The New York State Brownfield Cleanup Program (BCP) may offer lucrative tax credits but to paraphrase the old John Houseman commercial, BCP applicants earn their tax credits the hard way. The BCP is demanding program with rigorous cleanup procedures, robust public participation and lots of documentation requirements.
The complexity of the BCP is further exacerbated by the fact that the tax credits are linked to the issuance of Certificates of Completion (COC). Applicants must obtain a COC by December 31st to be able to claim the site preparation tax credit in the following year. To help applicants obtain COCs, the New York State Department of Environmental Conservation (NYSDEC) conducts periodic calendar calls beginning in early spring with applicants who are seeking COCs by the end of the year. Despite these calendar calls, BCP applicants often find themselves in a stressful and frenetic year-end mad dash to ensure they have satisfied the NYSDEC documentation requirements.
Indeed, eight of the 23 projects that were scheduled to obtain COCs by the end of 2013 were unable to complete their paperwork in time and their COCs have been pushed back to 2014. This means the developers of those projects will not be able to claim their tax credits until 2015.
While some of the delays are associated with finalization of technical documents such as Site Management Plans (SMPs) and Final Engineering Reports (FERs), the more common recurring errors that delay NYSDEC approval usually involve legal documentation. Some of these errors are because clients do not inform their attorneys of changes in project structure with others related to counsel not being familiar with the legal documents required by NYSDEC. And yes, sometimes the delays have been because environmental lawyers tried to complete real estate documents that probably should have been prepared by real estate lawyers.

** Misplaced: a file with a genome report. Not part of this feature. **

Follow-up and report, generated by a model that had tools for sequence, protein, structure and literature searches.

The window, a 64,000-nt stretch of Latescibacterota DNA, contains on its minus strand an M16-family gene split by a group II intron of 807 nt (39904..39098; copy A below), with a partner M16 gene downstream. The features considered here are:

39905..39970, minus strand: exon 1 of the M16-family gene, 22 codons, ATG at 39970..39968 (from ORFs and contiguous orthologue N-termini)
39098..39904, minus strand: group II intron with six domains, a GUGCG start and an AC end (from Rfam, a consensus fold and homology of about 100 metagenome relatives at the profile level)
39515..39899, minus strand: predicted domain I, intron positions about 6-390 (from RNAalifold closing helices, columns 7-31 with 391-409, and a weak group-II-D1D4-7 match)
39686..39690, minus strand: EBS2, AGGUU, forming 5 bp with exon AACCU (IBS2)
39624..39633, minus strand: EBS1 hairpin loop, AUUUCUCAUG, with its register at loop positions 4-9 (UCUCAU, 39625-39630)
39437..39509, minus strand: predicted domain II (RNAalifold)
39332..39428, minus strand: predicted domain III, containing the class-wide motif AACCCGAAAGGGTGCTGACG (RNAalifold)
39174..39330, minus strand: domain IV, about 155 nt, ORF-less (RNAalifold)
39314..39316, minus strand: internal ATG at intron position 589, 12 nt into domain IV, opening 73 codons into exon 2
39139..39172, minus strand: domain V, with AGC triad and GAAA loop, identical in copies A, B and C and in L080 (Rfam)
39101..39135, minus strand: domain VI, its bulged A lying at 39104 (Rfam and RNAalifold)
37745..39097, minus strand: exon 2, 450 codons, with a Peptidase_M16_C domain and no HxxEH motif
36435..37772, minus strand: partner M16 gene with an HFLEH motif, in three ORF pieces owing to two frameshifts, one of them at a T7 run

Some BCP projects have failed to achieve the track 1 unrestricted standards despite removing all of the contaminated soil because of residual groundwater contamination. To obtain a COC, at least one round of groundwater sampling must show a downward trend in contamination concentrations. A BCP project can obtain a conditional Track 1 when groundwater standards are not met or soil vapor mitigation is required. The COC will require an environment easement and SMP. If within five years, groundwater standards are achieved, any active remedial system can be suspended and the easement/SMP may be extinguished. However, if groundwater standards are not achieved, the cleanup would have to revert to track 2 or 4 which could result in recapture of excess tax credits based on track 1 cleanup. NYSDEC recommends BCP applicants should consider aggressive treatment after year 2 and no later than year 3 after the COC to avoid this potentially unpleasant outcome.
BCP applicants should not assume that problems will be resolved during finalization of the COC. Issues that are identified during the final review of the COC package will likely result in the COC being delayed until the next year.
These issues illustrate why it is important for developers considering applying for the NY BCP to select an experienced team of environmental professionals who are familiar with the BCP requirements, who can anticipate problems before they can delay a project and also know how to use opportunities in the BCP process to save time at every stage of the BCP. For a list of the brownfield projects we have worked on, click here